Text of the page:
Pop stars, athletes, and millions of others posted photos of themselves edited with the app – but what are the much-publicized privacy risks?
FaceApp can make your face look old – but does it also invade your privacy? In the past week photos from the app – and fears about cybersecurity issues – have swirled through social media with more distortions than clarity.
LeBron James posted this photo to Instagram.
The 2017 app lets users edit photos to make themselves look older – or younger, or like a person of another gender – sometimes with hilarious effects. Pop stars have used it to suddenly look like senior citizens. Professional athletes are making themselves unrecognizable. It’s suddenly very popular to take the “FaceApp challenge,” as some have called posting the app’s photos. Although the app isn’t new, its rediscovery seems to be a major fad of the summer of 2019.
App stores seem to endorse the app. Google’s Play Store touts the Android app – with 1.5 million downloads – as an Editors’ Choice. Apple’s App Store, which doesn’t show the number of downloads, shows a rating of 4.8 out of 5 from 714K users.
The Google Play Store made FaceApp an Editors' Choice app.
Then on Wednesday, a Democratic Party leader, U.S. Sen. Chuck Schumer of New York, posted this alarming message to Twitter:
“BIG: Share if you used #FaceApp: The @FBI & @FTC must look into the national security & privacy risks now. Because millions of Americans have used it. It’s owned by a Russia-based company. And users are required to provide full, irrevocable access to their personal photos & data.”
Suddenly the fad sweeping social media didn’t seem so harmless. Could FaceApp’s viral adoption hurt U.S. national security? Could it be a serious threat to your security?
“Taking a step back to look at the facts shows this is not a major cybersecurity issue.” – Nikolaos Chrysaidos, Avast head of mobile threat intelligence
The answer to both questions is no, says Nikolaos Chrysaidos, Avast’s head of mobile threat intelligence and security, who checked web traffic and found the app is not sending users’ sensitive data back to servers. “I see no sign of the app invading privacy in nefarious ways,” Chrysaidos said. “While it’s true that the app is collecting data and photos in the way it functions, that kind of risk comes with many apps like this.
“People hear AI, privacy, and Russia and are understandably concerned. But taking a step back to look at the facts shows this is not a major cybersecurity issue.”
Despite the uproar, this app is not vastly different from many other popular apps, and has been in operation for two years. FaceApp has explained its use of data, and what parts of the company have Russian ties, as reported by TechCrunch. Google engineers have looked into the app’s security. And independent cybersecurity researchers told The New York Times that concerns about FaceApp are overblown.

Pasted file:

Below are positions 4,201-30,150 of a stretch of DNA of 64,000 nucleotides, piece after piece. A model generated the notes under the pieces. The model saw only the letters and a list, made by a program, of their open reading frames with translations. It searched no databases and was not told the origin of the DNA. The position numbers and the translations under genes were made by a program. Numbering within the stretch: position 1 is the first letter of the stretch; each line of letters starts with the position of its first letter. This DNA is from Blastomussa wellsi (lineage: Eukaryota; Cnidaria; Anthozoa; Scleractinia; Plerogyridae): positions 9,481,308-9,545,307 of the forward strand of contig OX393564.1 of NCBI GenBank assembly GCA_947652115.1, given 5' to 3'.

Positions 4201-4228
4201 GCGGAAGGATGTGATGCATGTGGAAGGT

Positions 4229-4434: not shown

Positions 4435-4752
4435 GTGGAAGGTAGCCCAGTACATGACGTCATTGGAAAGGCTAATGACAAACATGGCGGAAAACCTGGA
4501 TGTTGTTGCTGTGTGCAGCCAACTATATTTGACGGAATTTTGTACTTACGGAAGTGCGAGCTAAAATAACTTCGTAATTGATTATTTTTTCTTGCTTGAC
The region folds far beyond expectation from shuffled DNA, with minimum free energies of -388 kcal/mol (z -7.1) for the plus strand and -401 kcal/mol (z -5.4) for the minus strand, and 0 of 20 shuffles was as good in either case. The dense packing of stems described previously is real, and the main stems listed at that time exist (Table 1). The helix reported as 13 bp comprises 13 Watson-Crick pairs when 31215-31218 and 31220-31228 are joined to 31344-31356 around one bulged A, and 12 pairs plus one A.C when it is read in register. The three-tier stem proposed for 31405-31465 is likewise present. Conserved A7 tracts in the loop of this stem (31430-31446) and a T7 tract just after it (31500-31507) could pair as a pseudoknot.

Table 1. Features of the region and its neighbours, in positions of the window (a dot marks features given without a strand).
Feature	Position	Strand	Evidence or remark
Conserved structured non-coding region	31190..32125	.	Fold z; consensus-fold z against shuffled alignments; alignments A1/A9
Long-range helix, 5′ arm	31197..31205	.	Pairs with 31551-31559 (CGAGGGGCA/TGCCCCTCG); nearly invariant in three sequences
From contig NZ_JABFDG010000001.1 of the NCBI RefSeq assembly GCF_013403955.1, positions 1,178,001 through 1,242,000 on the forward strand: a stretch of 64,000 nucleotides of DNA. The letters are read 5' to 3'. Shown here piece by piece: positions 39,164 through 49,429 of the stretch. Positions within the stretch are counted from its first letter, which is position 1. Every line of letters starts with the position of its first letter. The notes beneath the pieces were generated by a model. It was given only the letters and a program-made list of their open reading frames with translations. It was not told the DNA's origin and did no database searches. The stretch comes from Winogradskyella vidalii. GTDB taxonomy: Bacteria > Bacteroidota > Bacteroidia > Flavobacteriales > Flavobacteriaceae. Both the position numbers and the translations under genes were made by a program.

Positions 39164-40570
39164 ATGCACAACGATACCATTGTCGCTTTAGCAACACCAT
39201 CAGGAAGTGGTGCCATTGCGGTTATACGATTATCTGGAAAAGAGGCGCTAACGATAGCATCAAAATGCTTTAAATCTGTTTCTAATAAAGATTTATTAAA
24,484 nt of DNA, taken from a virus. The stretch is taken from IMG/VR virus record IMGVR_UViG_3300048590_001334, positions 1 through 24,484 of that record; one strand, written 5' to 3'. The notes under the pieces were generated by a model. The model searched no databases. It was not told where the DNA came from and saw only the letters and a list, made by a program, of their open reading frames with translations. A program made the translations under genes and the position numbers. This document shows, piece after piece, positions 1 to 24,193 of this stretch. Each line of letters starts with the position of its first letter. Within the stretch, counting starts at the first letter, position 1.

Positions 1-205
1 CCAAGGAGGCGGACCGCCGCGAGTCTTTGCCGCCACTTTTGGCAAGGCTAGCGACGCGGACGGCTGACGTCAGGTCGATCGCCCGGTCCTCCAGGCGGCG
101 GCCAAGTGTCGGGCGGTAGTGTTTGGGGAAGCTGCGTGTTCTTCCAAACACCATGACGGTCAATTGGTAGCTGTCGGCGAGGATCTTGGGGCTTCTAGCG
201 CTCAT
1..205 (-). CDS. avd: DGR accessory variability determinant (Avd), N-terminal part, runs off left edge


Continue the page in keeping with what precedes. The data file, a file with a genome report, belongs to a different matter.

“This isn’t a malicious app, but it is one of many apps that raise privacy issues,” Chrysaidos said. “This isn’t an urgent issue, but it is a prevalent one. Companies producing apps should be more transparent about their use of data, and responsibility also lies with consumers. It’s yet another reminder to practice better overall cybersecurity on your mobile device.”
FaceApp adds that it deletes many photos from its servers within 48 hours and many users do not log in. “All FaceApp features are available without logging in, and you can log in only from the settings screen. As a result, 99% of users don’t log in; therefore, we don’t have access to any data that could identify a person,” TechCrunch reported. People can also use FaceApp without allowing the app to access their photo libraries by only editing photos they take via the app.
A greater public understanding of privacy and apps could help clarify security issues before an app goes viral, Chrysaidos said. When concerns fly around social media and become part of a viral topic, it can become very difficult to see the true face of an issue.
Consumers worried about FaceApp can look at the bigger picture by reviewing what apps are on their devices, learning more about privacy issues, and installing Avast Mobile Security on their Android device.
When kids leave home, they likely keep the keys to the house. They also might keep information and access that’s better kept under your roof.
Just because you're paranoid doesn't mean they aren't watching you. Here's the answer to that age-old question: Are my apps spying on me?